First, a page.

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NCS1 Gyro Constants Circuit Board

Technical Information

Catalogue No: C1609
Category: Navigation/Inertial
Object Type: Module/Sub-Assembly/Component
Object Name: NCS1 Gyro Constants Circuit Board
Part No: CD12118
Serial No: 094 & 245
Manufacturer: Marconi-Elliott Avionic Systems Ltd
Division: Inertial Navigation [IND]
Platform(s): Naval 
Year of Manufacture: 1987
Dimensions:
Width (mm):
100 
Height (mm):
165 
Depth (mm):
15 
Weight (g):
135 
Location: Main Object Store
Inscription(s):

[front]
CD12118AA/B DL Issue 6
[PCB1] 87FJB373/245/R
[PCB2] 87FJB196/094R
Mod Record -
────────────────
[rear]
CD 12118 AA/A Issue 7
CMC
[PCB1] A8106570
[PCB2] 7742258
NSN 6605-99-529-2336

Notes:

Qty: 2
One of two PCB's containing Individual Gyro Data for the Naval Compass Stabilizer - one for vertical constants, the other for horizontal constants.

The two sides of this PCB seem identical, the through-hole solder joints from the other side being clearly visible in each view. The reason for this form of construction is unclear but may have been a way of fitting duplicate circuits on a single board whilst maximising the isolation between them.

The Naval Compass Stabiliser NCS1 is a stabilised gyrocompass system designed to provide heading and vertical reference data for systems that use such data, on board a ship. Development of NCS1 started in 1971 and quantity production was underway by 1976 with 80 systems delivered to British and other Navies by 1984. NCS1 provides as standard outputs of Heading, Pitch, and Roll but with an additional card can give own ship acceleration and velocity. The ships Latitude and Longitude are continuously computed.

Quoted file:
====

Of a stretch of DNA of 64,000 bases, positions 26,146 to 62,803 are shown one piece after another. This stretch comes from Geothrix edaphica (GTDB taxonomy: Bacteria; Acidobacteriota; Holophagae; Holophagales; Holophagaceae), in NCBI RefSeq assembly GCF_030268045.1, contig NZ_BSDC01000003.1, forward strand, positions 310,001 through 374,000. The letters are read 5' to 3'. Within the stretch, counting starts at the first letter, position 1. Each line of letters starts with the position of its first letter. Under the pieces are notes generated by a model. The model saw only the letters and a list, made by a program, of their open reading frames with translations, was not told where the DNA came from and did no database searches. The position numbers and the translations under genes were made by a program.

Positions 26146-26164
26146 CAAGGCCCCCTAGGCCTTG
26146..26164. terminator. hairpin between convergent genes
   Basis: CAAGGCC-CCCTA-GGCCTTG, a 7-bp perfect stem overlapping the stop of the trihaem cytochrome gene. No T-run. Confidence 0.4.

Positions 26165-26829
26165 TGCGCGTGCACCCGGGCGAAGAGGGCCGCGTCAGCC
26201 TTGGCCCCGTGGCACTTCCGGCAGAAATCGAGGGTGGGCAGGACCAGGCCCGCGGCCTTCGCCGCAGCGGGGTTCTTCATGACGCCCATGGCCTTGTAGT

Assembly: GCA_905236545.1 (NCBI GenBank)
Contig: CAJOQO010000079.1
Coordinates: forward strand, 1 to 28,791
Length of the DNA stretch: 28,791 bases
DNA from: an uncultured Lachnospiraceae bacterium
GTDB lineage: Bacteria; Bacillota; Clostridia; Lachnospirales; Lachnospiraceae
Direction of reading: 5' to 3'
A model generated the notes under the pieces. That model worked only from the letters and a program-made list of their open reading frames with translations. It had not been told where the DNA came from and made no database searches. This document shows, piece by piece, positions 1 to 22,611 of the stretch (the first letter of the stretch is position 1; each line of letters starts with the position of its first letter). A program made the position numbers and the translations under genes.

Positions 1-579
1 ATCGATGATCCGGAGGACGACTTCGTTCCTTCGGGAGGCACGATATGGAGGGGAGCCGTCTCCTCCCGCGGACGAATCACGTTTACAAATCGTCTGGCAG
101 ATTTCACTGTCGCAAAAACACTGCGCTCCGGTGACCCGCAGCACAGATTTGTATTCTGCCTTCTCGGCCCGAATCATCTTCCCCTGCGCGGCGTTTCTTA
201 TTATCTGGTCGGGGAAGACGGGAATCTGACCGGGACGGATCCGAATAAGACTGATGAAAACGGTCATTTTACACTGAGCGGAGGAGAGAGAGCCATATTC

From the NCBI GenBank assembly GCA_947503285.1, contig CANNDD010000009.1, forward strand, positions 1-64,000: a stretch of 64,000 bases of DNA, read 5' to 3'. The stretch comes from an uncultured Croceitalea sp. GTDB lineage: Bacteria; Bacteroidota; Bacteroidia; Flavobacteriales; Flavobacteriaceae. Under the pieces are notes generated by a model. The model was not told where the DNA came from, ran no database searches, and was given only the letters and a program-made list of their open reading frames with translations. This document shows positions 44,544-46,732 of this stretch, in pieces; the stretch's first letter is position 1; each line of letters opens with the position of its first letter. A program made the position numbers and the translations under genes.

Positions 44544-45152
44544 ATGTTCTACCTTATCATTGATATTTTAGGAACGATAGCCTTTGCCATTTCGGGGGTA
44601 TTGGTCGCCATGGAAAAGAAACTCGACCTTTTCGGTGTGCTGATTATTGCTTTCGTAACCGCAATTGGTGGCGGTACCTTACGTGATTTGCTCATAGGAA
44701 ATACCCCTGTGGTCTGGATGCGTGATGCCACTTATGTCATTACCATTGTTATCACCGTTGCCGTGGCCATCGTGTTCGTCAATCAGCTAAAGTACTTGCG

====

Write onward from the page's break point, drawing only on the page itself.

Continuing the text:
There are three major units; Space Reference Unit (SRU), Electronic Pack (EP) and a Mount Assembly. The SRU comprises a stabilised platform containing 2 two axis gyroscopes and 2 single axis accelerometers mounted in a gimbal system which is contained in a closed binnacle with associated control electronics. The SRU is protected against shock by the Mount Assembly which provides the interface to the deck.
The EP contains power inverters, a digital computer, control /indicator Panel and a standby battery. The Transformer Rectifier units convert ship’s power to 28v dc and in the event of a supply failure the standby battery will support the system. Two identical controlled inverters produce all the regulated dc supplies required by NCS1. The computer is the 12/12P, a variant of the standard Company unit. The Interface Unit carries out such functions as synchro-to-digital conversion, analogue-to-digital conversion and the reverse, signal buffering and built-in test. A Control and Indicator panel hosts switches and displays to select the mode of operation, set in information, display selected outputs and enable computer controlled or manual testing.

Initial sea trials were carried out in HMS Antrim. NCS1 was designed and manufactured within the Guidance Systems Division at Rochester between 1976 and possibly beyond 1984.

The NCS1 is a tall unit and there is a story that, in order to calibrate the system using the Pole Star, a hole had to be cut in the roof of the clean room test area!

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